As the 1992 presidential primary campaign got under way, the former lounge singer asserted that she had had a long-running affair will Bill Clinton. Hillary Clinton stirred up controversy when she told ABC News that Gennifer Flowers was “some failed cabaret singer who doesn’t have much of a resume to fall back on.”
The New York Times recently reported that, by some accounts, Clinton gave the “greenlight” to hiring a private investigator who collected disparaging accounts from ex-boyfriends and others who knew Flowers and then provided these stories to news organizations.
Internal campaign memos unearthed by the Times describe the aim of the work of the hard-nosed investigator was to “impugn” Flowers’ character, “until she is destroyed beyond all recognition.”
But the New York Times reporting was not clear how involved Hillary Clinton was in this effort.
Yes, Hillary Clinton did call Monica Lewinsky, who had an affair with her husband, a “narcissistic loony toon.”
That phrase is from a journal kept by Diane Blair, a political science professor at the University of Arkansas and a person Hillary Clinton described as her closest friend.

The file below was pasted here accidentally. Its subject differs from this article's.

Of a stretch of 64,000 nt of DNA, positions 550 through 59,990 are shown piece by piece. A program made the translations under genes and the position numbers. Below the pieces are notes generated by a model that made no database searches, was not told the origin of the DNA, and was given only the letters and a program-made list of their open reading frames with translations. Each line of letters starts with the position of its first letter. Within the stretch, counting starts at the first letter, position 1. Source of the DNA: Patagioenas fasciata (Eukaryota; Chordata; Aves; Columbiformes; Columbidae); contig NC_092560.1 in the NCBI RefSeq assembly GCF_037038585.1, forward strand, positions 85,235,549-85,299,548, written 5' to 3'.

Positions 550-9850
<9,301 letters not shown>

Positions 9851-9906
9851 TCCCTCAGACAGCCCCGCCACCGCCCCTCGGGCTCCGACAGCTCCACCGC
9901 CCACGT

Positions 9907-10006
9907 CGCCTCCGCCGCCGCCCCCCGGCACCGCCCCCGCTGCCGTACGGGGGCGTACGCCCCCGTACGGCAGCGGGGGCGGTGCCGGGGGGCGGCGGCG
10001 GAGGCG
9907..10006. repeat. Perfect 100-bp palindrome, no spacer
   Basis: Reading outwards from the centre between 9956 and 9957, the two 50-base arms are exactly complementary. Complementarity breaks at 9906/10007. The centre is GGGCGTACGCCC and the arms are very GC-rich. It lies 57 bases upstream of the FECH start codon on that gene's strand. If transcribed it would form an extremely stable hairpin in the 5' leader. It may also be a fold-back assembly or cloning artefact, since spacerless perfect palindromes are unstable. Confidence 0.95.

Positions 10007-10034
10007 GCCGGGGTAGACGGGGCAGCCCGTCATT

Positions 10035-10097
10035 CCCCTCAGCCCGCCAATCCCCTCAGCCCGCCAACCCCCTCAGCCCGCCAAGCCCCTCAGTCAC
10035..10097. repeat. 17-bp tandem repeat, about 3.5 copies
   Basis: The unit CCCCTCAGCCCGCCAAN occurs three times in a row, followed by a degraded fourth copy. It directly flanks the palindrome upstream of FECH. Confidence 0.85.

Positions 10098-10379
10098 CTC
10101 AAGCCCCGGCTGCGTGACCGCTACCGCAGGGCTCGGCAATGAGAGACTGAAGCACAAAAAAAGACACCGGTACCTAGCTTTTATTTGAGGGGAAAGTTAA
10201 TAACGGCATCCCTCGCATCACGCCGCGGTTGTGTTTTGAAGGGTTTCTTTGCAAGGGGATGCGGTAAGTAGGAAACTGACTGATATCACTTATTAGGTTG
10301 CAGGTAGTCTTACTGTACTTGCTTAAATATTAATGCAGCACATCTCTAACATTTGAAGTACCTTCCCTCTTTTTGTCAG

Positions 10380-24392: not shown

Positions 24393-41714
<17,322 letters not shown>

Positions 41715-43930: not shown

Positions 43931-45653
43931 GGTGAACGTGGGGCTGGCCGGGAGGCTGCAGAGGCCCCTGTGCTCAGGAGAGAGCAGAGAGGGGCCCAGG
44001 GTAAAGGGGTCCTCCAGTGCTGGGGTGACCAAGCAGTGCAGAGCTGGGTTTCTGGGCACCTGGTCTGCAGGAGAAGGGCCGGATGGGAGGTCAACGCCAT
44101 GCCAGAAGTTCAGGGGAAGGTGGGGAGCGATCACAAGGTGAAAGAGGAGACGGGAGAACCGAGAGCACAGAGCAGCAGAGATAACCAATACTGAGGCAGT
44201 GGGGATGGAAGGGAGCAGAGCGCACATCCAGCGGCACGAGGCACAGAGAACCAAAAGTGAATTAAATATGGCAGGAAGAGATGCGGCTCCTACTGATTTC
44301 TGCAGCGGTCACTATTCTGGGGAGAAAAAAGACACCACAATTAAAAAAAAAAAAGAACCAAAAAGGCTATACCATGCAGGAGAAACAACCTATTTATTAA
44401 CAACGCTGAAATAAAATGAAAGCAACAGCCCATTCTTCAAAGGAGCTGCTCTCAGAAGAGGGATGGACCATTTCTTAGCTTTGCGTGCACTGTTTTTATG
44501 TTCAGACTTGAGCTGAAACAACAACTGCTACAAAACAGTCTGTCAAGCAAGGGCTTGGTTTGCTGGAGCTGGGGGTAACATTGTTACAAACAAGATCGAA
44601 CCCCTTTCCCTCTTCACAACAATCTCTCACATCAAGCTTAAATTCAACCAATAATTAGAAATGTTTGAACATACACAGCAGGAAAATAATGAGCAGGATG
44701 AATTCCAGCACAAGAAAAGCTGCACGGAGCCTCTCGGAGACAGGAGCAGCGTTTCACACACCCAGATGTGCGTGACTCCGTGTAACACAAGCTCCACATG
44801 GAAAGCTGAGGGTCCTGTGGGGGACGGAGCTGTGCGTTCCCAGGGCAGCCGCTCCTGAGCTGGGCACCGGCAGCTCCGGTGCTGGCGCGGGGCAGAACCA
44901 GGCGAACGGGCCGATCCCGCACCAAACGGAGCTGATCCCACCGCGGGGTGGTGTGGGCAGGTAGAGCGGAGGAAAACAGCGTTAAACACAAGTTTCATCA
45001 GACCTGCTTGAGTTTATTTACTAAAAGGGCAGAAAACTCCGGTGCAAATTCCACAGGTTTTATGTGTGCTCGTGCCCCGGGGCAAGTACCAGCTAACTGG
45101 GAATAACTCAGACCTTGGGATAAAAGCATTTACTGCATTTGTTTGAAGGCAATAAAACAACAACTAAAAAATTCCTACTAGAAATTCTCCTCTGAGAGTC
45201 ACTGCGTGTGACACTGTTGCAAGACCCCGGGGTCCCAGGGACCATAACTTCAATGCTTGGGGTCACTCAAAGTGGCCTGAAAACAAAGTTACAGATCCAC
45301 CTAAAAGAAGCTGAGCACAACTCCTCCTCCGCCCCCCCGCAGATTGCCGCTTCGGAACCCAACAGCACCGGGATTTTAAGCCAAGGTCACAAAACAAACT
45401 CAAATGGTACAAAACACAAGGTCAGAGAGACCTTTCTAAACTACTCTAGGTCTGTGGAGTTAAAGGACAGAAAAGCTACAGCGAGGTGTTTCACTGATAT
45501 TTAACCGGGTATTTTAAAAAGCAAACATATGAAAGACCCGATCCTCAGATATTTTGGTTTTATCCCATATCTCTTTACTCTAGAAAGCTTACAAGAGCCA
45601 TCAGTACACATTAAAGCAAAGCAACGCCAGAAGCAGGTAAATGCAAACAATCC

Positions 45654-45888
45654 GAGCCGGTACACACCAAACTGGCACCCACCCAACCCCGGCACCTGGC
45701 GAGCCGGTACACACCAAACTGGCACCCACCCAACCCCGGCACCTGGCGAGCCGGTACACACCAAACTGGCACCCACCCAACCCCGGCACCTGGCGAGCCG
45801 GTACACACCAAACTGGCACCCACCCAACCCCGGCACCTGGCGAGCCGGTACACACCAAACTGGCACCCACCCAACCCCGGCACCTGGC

Blair, who died in 2000, kept notes of her conversations with Clinton. After Blair’s death, her husband donated her papers, including her personal journal, to the University of Arkansas Special Collections Library. Blair wrote in her journal, about a September 9, 1998, conversation she had with her friend, in which Clinton tried to put his actions into context, but did not excuse, her husband’s behavior. But, Clinton also had harsh words about Lewinsky who had said she had seduced the president.
“It was a lapse,” Blair writes, describing Clinton’s view of her husband’s affair, “but she says to his credit he tried to break it off, tried to pull away, tried to manage someone who was clearly a ‘narcissistic loony toon;’ but it was beyond control.”